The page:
Over the last decade, kleptocratic regimes have been on the rise, exercising growing influence on a global scale, enabling human rights violations and undermining faith in democracy. In response, civil activists have played a pivotal role in exposing corruption and advocating against it, often at their own peril. To support them, the International Republican Institute (IRI) has developed an Anti-Corruption Toolkit for Civic Activists to help civil society around the world combat corruption through innovative approaches, which we’re proud to publish this week to mark International Anti-Corruption Day.
In kleptocratic regimes, leaders use political power to exploit their nation’s wealth to enrich themselves and secure the loyalty of political elites. The immense wealth that kleptocrats amass in personal accounts are directly syphoned from the pockets of citizens: In fact, Global Financial Integrity estimates that illicit cross-border financial flows out of developing countries amount to $1 trillion per year. The opportunity cost of ignoring such sophisticated large-scale theft is one that no nation can afford, especially as these resources could benefit the most vulnerable in society.
Identifying and exposing high-level corruption, however, requires a level of expertise that is hard to find in countries most affected by it. In these countries, civil society activists are on the frontlines to restore and protect democratic values and are often the only actors demanding government accountability. Unsurprisingly, kleptocratic leaders across the globe have responded by targeting activists, impairing their capacity to uncover corruption and preventing them from mobilizing for reform.
In a growing number of countries around the world, government harassment of civil society is on the rise, resulting in human rights abuses such as extrajudicial executions, disappearances and torture. Despite the fear of imprisonment and violence, civil society remains determined to stamp out corruption and willing to advocate for greater transparency and reform. This important task requires civil society to become resilient in the face of security risks, master new skills and deploy innovative approaches. They must also be willing to cooperate with other activists both locally and internationally to learn from each other’s distinct strengths and tactics.
IRI created its Anticorruption Toolkit for Civic Activists toolkit in response to this multi-faceted challenge. This resource includes a compilation of tools, strategies and tips for civic actors engaged in anticorruption activism anywhere in the world. Its content was based on a cross-country assessment of civil society’s ability to counter high-level corruption and its three modules address key areas for capacity building.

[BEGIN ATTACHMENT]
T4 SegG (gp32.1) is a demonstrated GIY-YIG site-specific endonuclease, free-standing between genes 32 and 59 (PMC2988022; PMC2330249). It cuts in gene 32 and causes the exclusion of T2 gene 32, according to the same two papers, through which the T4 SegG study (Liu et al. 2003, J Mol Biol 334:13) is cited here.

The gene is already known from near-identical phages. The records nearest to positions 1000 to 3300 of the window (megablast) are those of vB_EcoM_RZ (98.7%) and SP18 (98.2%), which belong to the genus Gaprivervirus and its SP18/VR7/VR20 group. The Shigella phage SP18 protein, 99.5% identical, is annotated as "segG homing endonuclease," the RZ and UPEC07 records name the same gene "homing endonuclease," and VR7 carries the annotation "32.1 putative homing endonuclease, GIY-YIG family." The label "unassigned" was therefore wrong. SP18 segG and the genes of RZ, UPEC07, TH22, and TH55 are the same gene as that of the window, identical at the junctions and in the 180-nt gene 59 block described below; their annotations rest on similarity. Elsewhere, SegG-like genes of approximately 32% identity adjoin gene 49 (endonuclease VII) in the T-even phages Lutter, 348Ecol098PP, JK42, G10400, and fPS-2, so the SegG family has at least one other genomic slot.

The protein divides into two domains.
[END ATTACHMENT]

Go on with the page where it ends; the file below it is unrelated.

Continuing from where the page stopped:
For example, the module on research methods and security equips activists with the tools to conduct research and identify high-level corruption while understanding security risks and using advanced digital tools to maintain safety and anonymity. The module on advocacy, collaboration and setting priorities includes strategies on how to form a strong coalition and design a successful reform agenda. Lastly, the toolkit’s module on communications and the media provides guidance on writing press releases, policy papers and includes tips on working with the media and reaching out to policymakers.
IRI deployed the Toolkit through anticorruption trainings in three pilot countries, including Iraq, Mali and the Maldives. Activists in Iraq found the module on designing a reform agenda especially useful. After the training, an Iraqi civil society representative noted, “We have tried to facilitate some decision-making processes, but it has always been hard to get everyone in a coalition to accept the final decision. This toolkit will help us try something new and different.” Activists in the Maldives noted that it will be extremely helpful for their future research and advocacy efforts.
The Toolkit will provide civil society actors around the world with access to innovative resources that they can use to advocate for meaningful anti-corruption reform. Beyond the Toolkit, IRI will continue to empower local stakeholders to combat corruption by using evidence-based approaches tailored to their needs.Top